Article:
222 SCRA 612


On May 20, 1986, the parties, with plaintiff-appellant as vendor and defendant-appellee David Motors and Marketing Corporation (DMMC, for brevity) through its representative, defendant-appellee David, executed by and between themselves a “Deed of Absolute Sale of Real Property” over a parcel of land (Lot 7-B of the Subd. plan (LRC) psd-324403, approved as a non-subd. proj. being a portion of Lot 7 (LRC) Pcs-16468 LRC Rec. No. 5941), including all improvements thereon, situated in the barrio of Hen. T. de Leon, Municipality of Valenzuela, Metro Manila, containing an area of Six Hundred Thirty One (631) square meters, more or less, covered by Transfer Certificate of Title No. 119038 of the Registry of Deeds of Caloocan City, and for and in consideration of One Hundred Fifty Thousand (P150,000.00) Pesos.

On November 27, 1987, plaintiff-appellant filed the instant complaint, praying for the annulment of the subject deed of absolute sale and consequent cancellation of the certificate of title obtained by defendants-appellees by virtue thereof; the interpretation and declaration of the subject deed of absolute sale as an equitable mortgage; and for a writ of preliminary injunction.

In their answer, defendants-appellees, contended that the subject encumbrance was one of absolute sale.


Whether the transaction effected between herein petitioner and private respondent is an absolute sale.


No, it is an equitable mortgage.

Private respondent’s demeanor in retaining a portion of the alleged purchase price, as advance interest for two months, is akin to, if not precisely the very circumstance mentioned by Article 1602(4) of the Civil Code that will warrant the legal presumption of an equitable mortgage. Besides, it was erroneous for respondent court to have made a sweeping insinuation that it was petitioner as vendor who suggested the “purchase price” and is thus precluded from assailing the sufficiency thereof, on account of the admission in judicio of private respondent that it was he who “placed the value of P150,000.00” as consideration on the document.

The fact that petitioner was accompanied by her “businesswoman daughter” to the office of private respondent is of no practical bearing because even persons of average intelligence invariably find themselves in no position whatsoever when bargaining with their creditor such as private respondent’s corporation whose primary business concern includes giving loans. Moreover, it may be recalled that petitioner only received the sum of P1,000.00 out of the P150,000.00 alleged as consideration for the “sale”. Such a measly sum is certainly another circumstance that reinforces our belief that the entire transaction was but a loan accommodation since no seller in her right senses will part with her treasured possession via a tedious process only to end up with a small sum of money in her pocket as consideration therefor.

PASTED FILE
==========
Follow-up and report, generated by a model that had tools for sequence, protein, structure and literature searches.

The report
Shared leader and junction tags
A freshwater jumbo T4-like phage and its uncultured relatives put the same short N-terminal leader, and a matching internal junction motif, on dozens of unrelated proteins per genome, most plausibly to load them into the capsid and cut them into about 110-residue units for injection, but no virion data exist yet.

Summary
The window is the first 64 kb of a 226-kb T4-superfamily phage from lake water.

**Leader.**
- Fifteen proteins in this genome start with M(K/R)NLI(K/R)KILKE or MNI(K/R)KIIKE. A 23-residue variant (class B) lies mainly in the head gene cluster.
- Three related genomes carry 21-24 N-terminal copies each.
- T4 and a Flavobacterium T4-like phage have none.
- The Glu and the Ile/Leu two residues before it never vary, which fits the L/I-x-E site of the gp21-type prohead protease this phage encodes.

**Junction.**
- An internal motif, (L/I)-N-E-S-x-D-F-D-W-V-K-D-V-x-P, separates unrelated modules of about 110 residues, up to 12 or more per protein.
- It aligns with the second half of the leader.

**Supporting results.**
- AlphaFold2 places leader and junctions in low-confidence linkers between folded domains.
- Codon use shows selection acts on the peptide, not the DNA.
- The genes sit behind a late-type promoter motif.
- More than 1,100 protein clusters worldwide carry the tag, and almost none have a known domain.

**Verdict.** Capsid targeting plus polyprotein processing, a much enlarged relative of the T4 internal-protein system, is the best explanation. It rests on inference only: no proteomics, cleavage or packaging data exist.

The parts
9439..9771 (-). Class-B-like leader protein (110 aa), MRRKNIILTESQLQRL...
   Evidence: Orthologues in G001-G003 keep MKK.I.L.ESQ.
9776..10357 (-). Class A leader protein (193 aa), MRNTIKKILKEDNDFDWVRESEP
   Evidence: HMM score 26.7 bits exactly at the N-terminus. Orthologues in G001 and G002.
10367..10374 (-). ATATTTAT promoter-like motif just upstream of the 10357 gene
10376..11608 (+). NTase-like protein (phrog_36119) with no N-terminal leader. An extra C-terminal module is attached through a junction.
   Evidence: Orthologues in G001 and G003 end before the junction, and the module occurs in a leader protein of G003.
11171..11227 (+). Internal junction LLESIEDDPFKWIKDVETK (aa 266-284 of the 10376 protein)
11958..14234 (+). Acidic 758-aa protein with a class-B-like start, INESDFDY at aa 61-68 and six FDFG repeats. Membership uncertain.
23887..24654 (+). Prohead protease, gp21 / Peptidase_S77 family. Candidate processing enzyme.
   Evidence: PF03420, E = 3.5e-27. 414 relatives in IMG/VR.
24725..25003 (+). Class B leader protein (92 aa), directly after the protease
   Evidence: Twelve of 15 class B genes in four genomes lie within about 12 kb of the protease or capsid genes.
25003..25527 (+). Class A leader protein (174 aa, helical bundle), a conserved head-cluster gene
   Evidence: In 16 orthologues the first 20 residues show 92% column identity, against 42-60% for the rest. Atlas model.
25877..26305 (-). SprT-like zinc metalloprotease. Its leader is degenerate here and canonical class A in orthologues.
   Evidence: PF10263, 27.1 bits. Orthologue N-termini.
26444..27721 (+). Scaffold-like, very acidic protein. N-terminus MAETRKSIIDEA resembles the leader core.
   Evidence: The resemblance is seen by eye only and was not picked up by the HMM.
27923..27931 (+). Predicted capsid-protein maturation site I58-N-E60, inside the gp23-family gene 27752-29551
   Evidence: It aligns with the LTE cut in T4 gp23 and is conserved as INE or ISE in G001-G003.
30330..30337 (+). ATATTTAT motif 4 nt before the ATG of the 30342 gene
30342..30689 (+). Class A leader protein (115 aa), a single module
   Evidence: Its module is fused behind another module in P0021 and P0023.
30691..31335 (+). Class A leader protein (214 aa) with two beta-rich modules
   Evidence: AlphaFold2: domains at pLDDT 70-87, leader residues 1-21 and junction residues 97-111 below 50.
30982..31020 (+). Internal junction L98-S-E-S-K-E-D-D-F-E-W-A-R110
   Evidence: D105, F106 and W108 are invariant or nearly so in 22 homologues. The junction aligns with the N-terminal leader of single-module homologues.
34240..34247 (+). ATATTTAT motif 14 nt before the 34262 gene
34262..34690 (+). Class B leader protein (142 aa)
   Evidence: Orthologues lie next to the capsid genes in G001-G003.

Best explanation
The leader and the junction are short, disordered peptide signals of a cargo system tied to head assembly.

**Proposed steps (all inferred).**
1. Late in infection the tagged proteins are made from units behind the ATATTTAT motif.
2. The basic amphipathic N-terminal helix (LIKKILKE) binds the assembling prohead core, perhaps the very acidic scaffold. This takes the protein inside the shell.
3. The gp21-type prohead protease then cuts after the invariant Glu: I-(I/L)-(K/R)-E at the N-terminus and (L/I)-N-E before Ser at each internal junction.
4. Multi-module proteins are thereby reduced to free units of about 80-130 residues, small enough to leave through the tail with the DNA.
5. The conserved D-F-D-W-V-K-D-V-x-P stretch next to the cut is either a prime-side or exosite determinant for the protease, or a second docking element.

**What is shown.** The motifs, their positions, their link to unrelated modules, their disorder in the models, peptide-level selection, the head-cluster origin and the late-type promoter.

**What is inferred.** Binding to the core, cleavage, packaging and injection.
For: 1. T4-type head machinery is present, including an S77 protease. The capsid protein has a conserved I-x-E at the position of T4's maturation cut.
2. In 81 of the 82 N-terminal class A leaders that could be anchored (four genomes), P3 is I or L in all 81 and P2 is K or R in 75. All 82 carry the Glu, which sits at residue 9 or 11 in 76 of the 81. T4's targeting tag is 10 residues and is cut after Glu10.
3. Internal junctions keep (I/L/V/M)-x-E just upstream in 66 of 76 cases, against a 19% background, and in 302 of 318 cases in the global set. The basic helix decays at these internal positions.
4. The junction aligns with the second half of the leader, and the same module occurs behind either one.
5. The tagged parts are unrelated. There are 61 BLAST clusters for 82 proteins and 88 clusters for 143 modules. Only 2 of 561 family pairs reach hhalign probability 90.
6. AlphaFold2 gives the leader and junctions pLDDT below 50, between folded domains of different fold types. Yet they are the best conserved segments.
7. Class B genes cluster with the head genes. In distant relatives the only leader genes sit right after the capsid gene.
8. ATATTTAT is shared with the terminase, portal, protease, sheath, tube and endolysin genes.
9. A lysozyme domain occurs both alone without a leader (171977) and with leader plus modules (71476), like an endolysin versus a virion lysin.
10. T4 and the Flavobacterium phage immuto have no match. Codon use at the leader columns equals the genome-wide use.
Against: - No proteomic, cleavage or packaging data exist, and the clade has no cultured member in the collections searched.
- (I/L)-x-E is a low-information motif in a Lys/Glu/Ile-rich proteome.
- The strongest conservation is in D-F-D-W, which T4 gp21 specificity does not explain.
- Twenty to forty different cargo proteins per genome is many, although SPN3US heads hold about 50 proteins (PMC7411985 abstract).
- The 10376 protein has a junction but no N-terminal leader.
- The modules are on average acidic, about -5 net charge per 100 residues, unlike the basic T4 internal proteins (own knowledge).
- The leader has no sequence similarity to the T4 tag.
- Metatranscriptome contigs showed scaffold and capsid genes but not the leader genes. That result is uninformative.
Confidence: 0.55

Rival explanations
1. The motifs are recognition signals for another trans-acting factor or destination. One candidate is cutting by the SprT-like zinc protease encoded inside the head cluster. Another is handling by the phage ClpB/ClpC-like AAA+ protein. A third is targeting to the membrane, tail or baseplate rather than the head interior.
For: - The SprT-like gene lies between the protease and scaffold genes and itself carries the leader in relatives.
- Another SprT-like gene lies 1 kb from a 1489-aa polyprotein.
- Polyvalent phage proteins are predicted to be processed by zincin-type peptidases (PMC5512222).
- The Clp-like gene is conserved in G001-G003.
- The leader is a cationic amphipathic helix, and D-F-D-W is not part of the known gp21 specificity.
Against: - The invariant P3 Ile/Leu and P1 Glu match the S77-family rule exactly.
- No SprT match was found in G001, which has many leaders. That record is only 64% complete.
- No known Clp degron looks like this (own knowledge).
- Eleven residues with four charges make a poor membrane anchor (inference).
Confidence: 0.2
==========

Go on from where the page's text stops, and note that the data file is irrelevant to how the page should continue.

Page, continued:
At any rate, substantive law mandates that a contract purporting to be venta con pacto de retro or an outright sale shall be construed as an equitable mortgage for it involves a smaller transmission of rights. Moreover, there is no doubt that petitioner agreed to the execution of the so-called sale in favor of private respondent because of the urgent necessity for money of the apparent vendor to liquidate her indebtedness to Mrs. Dimafelis.

This is another circumstance where it may be fairly inferred that the real intention of the parties is for the transaction to secure the payment of a debt or the performance of any other obligation (Article 1602(6), New Civil Code).

*Case digest by Benjie L. Sumalpong, JD – 4, Andres Bonifacio College, SY 2019 – 2020